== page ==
Tails of Seattle: A pets blog
Old dogs, no children
Posted by Tim Gilmore
Reader Tim Gilmore submitted this guest post to Tails of Seattle. Abby, his golden retriever, right, died late this summer.
Our Wallingford neighborhood has become a village of empty nesters in the past couple of years as our youngest children have departed for colleges and universities. We are a close community, and we all talked with each other as we walked our canine companions to the park or up to the store for a few provisions.
Some unusual karma, or perhaps the fact that we all brought puppies home about the same time in our children's lives, led to a bittersweet year for us, dogwise -- all of our old pooches passed away within a few months. We have all discussed our aging pets as we passed on the sidewalk. Several choked throats and tears have been evident.
Molly the schnocker, right, left us first. She was always eager to keep my dog, Abby, and me company if we took a walk past her house. She started having problems with her joints and then began failing in other ways. Molly would howl with a little prompting and accompany anybody who got her started with an out-of-tune chorus -- annoying but endearing.
Sophie, the blind Golden, right, who survived cancer a few years ago, was often on the sidewalk to greet us and get a scratch or a rub behind the ears. She knew her yard intimately and never strayed past her sidewalk. Her acute hearing picked up our footsteps a block away, and she would start wagging her tail -- she could tell some love was coming her way -- and she reciprocated fully. She passed gently after a brief warning that her health was failing.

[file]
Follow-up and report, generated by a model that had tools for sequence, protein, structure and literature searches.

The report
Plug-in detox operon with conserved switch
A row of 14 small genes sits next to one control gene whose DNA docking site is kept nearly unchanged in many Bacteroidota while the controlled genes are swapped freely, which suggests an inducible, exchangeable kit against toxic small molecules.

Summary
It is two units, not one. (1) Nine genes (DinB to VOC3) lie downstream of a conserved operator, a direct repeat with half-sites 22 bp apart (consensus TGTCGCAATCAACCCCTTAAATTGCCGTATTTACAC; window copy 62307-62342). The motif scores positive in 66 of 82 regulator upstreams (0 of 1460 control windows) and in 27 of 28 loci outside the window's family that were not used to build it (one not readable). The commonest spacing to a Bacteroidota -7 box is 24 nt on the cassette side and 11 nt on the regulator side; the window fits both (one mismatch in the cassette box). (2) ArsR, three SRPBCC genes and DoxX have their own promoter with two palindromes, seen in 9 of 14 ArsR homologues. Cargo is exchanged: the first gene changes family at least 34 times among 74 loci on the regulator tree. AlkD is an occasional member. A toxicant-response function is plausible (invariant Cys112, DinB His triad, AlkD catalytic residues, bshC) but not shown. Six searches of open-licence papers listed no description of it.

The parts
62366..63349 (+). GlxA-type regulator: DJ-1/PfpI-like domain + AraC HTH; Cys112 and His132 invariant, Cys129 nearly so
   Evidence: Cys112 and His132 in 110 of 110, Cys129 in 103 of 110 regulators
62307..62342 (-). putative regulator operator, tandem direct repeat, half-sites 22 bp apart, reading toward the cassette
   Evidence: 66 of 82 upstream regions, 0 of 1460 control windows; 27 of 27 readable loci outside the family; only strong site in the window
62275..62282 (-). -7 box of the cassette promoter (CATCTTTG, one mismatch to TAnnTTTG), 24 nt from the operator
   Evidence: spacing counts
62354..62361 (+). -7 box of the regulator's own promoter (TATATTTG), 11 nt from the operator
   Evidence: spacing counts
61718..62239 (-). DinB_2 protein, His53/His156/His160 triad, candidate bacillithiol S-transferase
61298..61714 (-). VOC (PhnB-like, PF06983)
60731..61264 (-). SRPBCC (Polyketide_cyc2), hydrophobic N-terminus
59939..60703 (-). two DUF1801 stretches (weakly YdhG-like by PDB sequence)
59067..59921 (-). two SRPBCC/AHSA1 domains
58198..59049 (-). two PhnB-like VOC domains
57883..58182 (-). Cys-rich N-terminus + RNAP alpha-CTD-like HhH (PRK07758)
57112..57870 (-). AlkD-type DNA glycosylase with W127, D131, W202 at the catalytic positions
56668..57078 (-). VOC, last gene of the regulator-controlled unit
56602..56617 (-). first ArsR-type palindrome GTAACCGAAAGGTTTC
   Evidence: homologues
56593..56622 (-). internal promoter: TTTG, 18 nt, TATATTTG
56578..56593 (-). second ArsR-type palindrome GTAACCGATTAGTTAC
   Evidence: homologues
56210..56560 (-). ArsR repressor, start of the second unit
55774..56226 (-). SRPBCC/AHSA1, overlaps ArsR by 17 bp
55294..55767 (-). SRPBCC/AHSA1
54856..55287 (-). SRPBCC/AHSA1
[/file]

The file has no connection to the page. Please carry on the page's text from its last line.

Abby our Golden was running around Greenlake with me into May but suddenly didn't have the wind to even walk up to the park. X-rays confirmed the worst -- she had metastatic cancer, and at her age (12) it didn't seem right to put her through exploratory surgery and treatment, which would likely make her last days miserable. She hung on for a couple of months, then we had to say goodbye as the sun set over the lake cabin we own. I've planted a nice azalea on her final resting place.
Last, Heather the faithful shepherd, right, succumbed to a bony cancer. She also was on our walking route and would bounce down the steps to greet us and lead Abby back up her stairs for a treat from her owners. Heather was the old lady of the group at 15, and she lived the longest.
So there is a sea change in the 'hood.' We're all a bit older, part of us dies with our pets I think. Two families have new pets who are starting to fill the void in the house. We'll get another puppy at some point I'm sure, but not just yet.
If you are walking your pooch and a guy with white hair and a droopy mustache comes over to talk, please wait a minute and give me time for a little canine fix. Thanks for understanding.
Photos courtesy of Tim Gilmore, Cheryl Waldman, Joe Roby and Valerie Piacenti,
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